A study that was presented last week at SLEEP 2009 in Seattle, Wash., examined the effect of marriage on sleep.
The study involved 360 middle-aged women with an average age of 51 years. They reported their relationship status at annual visits. Their sleep also was monitored for three nights.
Results show that women who were stably married had better subjective and objective sleep than unmarried women. Women who lost a partner during the eight-year follow-up period had the worst sleep.
The sleep of women who gained a partner during the study was similar to that of women in stable marriages. But study author Wendy Troxel, PhD, told the AASM that newlyweds were more restless.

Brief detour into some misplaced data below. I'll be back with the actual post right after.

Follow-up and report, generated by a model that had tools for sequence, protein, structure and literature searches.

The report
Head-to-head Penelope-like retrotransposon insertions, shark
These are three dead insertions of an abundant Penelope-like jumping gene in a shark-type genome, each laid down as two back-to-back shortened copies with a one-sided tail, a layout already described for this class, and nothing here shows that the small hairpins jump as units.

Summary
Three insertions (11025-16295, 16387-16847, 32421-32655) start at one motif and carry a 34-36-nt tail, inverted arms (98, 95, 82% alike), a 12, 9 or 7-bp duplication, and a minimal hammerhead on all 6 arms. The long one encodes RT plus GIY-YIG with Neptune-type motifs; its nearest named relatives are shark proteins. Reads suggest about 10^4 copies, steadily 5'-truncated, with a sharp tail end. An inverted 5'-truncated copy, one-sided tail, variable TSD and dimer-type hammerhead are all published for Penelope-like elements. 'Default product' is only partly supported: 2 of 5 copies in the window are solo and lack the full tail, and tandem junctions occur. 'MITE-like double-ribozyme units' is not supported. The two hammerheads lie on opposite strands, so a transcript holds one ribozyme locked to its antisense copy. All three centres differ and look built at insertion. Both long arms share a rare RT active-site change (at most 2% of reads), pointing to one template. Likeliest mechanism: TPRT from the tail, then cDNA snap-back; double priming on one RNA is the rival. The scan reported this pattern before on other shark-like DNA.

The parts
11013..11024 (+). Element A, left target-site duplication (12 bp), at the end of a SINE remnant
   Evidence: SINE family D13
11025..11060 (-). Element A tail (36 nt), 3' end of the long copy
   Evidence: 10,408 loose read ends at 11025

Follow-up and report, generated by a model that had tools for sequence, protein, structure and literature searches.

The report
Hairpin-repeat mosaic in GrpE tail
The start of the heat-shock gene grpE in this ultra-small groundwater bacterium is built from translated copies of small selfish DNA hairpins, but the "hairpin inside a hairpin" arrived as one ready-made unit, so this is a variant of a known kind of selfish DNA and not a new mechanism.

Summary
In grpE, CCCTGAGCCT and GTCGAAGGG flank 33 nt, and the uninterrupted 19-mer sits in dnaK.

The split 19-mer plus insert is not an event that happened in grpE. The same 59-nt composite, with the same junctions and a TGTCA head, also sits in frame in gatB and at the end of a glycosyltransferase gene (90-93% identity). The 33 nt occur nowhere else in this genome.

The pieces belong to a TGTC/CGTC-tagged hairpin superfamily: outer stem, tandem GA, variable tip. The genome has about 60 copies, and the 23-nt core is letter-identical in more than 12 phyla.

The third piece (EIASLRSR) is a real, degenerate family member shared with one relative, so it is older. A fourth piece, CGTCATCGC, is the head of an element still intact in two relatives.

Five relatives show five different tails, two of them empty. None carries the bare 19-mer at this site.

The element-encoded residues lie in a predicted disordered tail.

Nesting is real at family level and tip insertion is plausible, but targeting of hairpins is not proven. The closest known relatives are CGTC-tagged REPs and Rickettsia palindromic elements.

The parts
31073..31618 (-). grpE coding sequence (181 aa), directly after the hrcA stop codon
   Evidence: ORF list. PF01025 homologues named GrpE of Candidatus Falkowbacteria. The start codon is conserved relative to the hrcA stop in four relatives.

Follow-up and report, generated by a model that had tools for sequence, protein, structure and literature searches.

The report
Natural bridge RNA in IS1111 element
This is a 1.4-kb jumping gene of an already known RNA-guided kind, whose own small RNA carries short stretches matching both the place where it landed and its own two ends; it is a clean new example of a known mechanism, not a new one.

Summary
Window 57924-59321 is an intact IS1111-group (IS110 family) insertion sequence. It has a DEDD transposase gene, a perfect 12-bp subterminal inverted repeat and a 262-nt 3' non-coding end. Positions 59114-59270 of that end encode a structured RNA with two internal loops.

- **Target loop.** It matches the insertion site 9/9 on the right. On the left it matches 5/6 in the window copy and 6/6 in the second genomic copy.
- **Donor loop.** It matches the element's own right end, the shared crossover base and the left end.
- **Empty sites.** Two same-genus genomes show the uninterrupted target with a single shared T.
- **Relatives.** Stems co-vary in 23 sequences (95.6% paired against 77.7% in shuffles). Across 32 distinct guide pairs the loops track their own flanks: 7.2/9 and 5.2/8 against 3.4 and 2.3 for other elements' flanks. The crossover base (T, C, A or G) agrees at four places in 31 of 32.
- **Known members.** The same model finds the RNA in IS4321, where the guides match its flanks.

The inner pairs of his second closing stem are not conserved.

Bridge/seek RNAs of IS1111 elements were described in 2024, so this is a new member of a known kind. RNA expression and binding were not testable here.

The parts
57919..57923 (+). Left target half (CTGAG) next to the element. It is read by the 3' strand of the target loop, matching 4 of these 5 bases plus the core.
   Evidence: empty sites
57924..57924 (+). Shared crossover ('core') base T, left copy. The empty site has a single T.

“We discovered that these women had more restless sleep than the always married women,” said Troxel. “We speculate that these findings may reflect a ‘newlywed effect.’ These women may be less adjusted to sleeping with their partner than the ‘stably married’ women.”
Earlier in 2009 Troxel published a study linking sleep to marital happiness. Results show that happily married women reported fewer sleep disturbances.